How to Live Stream This Month's Total Solar Eclipse

Justin Dickey, Unsplash
Justin Dickey, Unsplash / Justin Dickey, Unsplash

The last solar eclipse appeared over North America in 2017, and people in that part of the world will have to wait until 2024 to see the next one. South American sky-gazers will be treated to the phenomenon much sooner: On December 14, 2020, the moon's shadow will fall on Chile and Argentina, and Slooh is streaming the event live to viewers around the world.

Slooh is a streaming service that broadcasts celestial events from its global network of telescopes. With help from the Institute of Astrophysics of Pontificia Universidad Catolica, Slooh's observatory partner in Chile, it will capture the moment the moon passes in front of the sun on Monday, December 14. The streaming event kicks off at 9:30 a.m. EST, or 14:30 UTC.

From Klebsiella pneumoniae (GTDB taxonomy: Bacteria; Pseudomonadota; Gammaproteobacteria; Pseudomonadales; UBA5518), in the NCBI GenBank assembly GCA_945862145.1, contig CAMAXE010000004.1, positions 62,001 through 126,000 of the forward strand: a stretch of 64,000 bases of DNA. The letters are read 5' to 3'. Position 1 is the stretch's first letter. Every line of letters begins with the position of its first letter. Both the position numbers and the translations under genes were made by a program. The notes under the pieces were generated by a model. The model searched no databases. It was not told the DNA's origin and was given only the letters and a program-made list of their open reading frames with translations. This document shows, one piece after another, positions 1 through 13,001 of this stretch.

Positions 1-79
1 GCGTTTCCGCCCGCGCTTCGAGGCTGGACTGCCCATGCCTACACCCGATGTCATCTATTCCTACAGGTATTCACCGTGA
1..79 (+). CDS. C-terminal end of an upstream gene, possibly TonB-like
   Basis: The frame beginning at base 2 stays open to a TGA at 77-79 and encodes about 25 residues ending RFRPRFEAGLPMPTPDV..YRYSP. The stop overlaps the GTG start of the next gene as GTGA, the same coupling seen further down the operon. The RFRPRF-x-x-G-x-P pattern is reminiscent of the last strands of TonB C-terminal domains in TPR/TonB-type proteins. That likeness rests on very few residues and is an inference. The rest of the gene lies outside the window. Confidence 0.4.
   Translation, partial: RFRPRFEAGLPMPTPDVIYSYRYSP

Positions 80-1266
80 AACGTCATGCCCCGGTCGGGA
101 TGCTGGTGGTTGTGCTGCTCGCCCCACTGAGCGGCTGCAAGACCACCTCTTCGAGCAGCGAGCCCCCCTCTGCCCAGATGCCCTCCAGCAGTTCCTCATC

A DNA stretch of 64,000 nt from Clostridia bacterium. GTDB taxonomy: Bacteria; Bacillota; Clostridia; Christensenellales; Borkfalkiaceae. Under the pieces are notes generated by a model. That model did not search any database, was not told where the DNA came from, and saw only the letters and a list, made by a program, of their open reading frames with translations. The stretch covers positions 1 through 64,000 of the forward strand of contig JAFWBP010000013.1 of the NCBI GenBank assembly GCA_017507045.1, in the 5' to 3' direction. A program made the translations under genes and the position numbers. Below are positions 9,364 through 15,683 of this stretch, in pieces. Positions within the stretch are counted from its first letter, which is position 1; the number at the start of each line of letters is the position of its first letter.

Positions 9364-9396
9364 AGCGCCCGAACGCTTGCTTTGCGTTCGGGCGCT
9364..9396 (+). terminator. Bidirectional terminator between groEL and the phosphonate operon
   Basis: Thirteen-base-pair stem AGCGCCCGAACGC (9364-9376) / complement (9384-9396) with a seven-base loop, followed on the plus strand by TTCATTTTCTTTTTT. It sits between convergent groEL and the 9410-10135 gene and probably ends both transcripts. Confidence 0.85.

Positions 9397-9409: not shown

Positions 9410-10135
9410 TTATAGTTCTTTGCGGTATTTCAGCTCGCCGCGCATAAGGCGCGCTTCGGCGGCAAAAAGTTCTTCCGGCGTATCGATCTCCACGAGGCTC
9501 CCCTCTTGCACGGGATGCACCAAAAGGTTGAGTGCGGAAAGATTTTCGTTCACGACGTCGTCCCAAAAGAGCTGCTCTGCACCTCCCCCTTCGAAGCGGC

If you're not a Slooh member, you can tune into the live stream through the service's Facebook, Twitter, and YouTube pages. You can check out their YouTube stream in the video below. A team of astronomers, plus psychologist and eclipse chaser Dr. Kate Russo, will be providing live commentary of the eclipse. Viewers with a Slooh subscription will have access to special bonus material, like a Zoom conversation with the panel of experts. Slooh members are also able to snap photos of the spectacle from their computers and use them to create a custom infographic. You can learn more about the services Slooh offers here.

If you're lucky enough to live within the path of totality, you don't need to log on to watch the moon eclipse the sun this month. Here are some tips for viewing the upcoming event and any future solar eclipses.

Courtesy of Slooh. Visit to snap and share your own photos from this live event, interact with the hosts and guests, and personally control Slooh’s telescopes.